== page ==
Theater director Emma Rice excused herself for being rather emotional. Her cast had just completed its first run-through of “The Flying Lovers of Vitebsk,” and she said the experience had left her slightly at a loss for words. “I’m sort of in love with it at the moment,” she said, laughing, “so I have no critical faculties at all!”
The play, written by Daniel Jamieson, traces the relationship of Marc and Bella Chagall. It explores the tensions and demands of their artistic and emotional lives together. On canvas they are immortalized as the picture of love and romance, despite the fact that they were caught up in the horrors of 20th-century Europe: the Russian Revolution, two world wars, persecution and exile.
Chagall was a pioneer of modern art whose vibrant, dreamlike style fused everyday settings — inspired from his hometown in Vitebsk — with mystical lament. His symbolic imagery conveyed love, loss, exile and survival.
We sat in the play’s London rehearsal studio space, just a minute’s walk from Shakespeare’s Globe Theatre. The sloping stage was in front of us, reminiscent of the sloping roofs often depicted in Chagall’s paintings. On it, scattered objects — shoes, books, a suitcase — mimicked the painter’s floating style, and symbolized the multiple journeys that defined Marc and Bella Chagall’s lives.
There was a noticeable lack of rigging or harnesses. Although Chagall’s figures tend to defy gravity, Rice wanted the show to be quite natural in conveying the physical language of the paintings. Weightlessness or lightness was achieved purely through unaided body movement.
The show opened at Bristol’s Old Vic in late May as part of the theater’s 250th anniversary, before its run at the Globe’s Sam Wanamaker Playhouse. This setting, with its candlelit chandeliers and wooden-seated galleries, resembles the interior of the former Princelet Street Synagogue, in London’s East End, Rice says. The play then will tour to venues on the South Coast of England. The production forms part of Rice’s inaugural season as artistic director of the Globe.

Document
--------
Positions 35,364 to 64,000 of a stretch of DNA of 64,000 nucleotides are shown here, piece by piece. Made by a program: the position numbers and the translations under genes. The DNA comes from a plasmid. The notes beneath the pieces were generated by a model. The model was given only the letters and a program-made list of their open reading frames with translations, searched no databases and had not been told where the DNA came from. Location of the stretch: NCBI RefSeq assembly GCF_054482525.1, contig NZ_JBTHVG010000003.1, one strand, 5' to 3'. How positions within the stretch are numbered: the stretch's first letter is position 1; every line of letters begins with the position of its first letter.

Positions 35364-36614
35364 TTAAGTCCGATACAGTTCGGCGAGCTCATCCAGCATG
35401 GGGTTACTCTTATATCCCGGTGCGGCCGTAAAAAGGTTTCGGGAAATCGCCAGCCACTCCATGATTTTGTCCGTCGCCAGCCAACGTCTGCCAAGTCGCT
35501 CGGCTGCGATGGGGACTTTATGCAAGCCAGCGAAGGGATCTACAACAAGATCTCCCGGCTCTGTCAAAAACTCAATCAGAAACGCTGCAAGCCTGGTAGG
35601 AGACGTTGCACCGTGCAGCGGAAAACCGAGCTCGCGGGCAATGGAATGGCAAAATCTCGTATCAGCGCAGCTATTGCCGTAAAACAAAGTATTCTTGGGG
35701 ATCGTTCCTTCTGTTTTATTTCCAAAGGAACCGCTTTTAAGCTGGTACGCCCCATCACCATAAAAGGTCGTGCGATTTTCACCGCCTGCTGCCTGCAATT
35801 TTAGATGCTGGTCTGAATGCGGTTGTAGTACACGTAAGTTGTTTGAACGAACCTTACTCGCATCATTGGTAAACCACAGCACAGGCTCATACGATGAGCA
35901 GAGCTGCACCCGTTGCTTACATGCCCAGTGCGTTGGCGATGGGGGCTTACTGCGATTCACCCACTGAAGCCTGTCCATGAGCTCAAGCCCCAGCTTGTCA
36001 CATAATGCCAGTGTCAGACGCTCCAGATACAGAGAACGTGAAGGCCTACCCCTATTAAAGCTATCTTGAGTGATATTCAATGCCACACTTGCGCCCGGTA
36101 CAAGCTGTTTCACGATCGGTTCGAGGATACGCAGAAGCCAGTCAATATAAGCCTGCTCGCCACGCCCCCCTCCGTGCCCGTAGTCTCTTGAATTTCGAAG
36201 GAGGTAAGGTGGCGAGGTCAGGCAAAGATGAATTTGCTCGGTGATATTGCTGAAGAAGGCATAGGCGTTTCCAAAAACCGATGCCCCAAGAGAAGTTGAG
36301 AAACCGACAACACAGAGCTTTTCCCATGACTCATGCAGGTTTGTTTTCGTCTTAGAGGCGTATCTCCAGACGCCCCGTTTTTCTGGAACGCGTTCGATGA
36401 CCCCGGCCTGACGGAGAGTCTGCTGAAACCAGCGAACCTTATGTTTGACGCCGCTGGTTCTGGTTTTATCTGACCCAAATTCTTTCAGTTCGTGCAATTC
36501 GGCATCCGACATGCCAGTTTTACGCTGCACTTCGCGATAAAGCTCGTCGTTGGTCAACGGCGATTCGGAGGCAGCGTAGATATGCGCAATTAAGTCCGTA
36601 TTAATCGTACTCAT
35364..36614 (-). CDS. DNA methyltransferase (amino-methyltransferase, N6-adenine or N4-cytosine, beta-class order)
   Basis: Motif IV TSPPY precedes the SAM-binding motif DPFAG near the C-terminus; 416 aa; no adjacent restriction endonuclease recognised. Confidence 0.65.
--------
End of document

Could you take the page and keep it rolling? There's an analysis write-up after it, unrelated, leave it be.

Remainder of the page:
“The Flying Lovers of Vitebsk” is the reworking of an old project, initially written over 20 years ago when Rice and Jamieson were in a relationship. It was then titled “Birthday,” after the 1915 Chagall painting of the same name, also known as “Anniversary.” Jamieson played Marc Chagall, and Rice was Bella Chagall. “We were two very young people, very much in love, [in a play] about two people in love, and it was magic,” Rice recalled. “I woke up a couple of years ago — we were no longer together — thinking I’m at that middle point in my career where you [ask], ‘Why do I do what I do? How do I keep it fresh and meaningful?’ I thought, wouldn’t it be amazing to go back to the show as older people, as artists who know a bit more, and remake it.”
Later, over the phone, Jamieson told me that he and Rice had been inspired by a visit in 1990 to Poland, where they had participated in workshops given by Gardzienice, the Center for Theater Practices. Gardzienice’s style was a mixture of incredible physicality — airborne movement — and language and song. “I think that the force of this work lodged itself in our hearts. It seemed there was an affinity between Gardzienice and the paintings of Chagall. To us, the paintings were so intrinsically theatrical,” he said.
During the trip, they traveled with Gardzienice’s actors to the remote border areas between Poland and Belarus, not far from Vitebsk. They saw the remnants of past shtetl life — wooden buildings and horse-drawn carts. These were motifs used in Chagall’s pictures, but Jamieson was particularly struck by the absence of Jews and Jewish culture apart from “a few very sad fragments of tombstones.” Neither Jamieson nor Rice is Jewish, but they share a fascination with Jewish history and culture.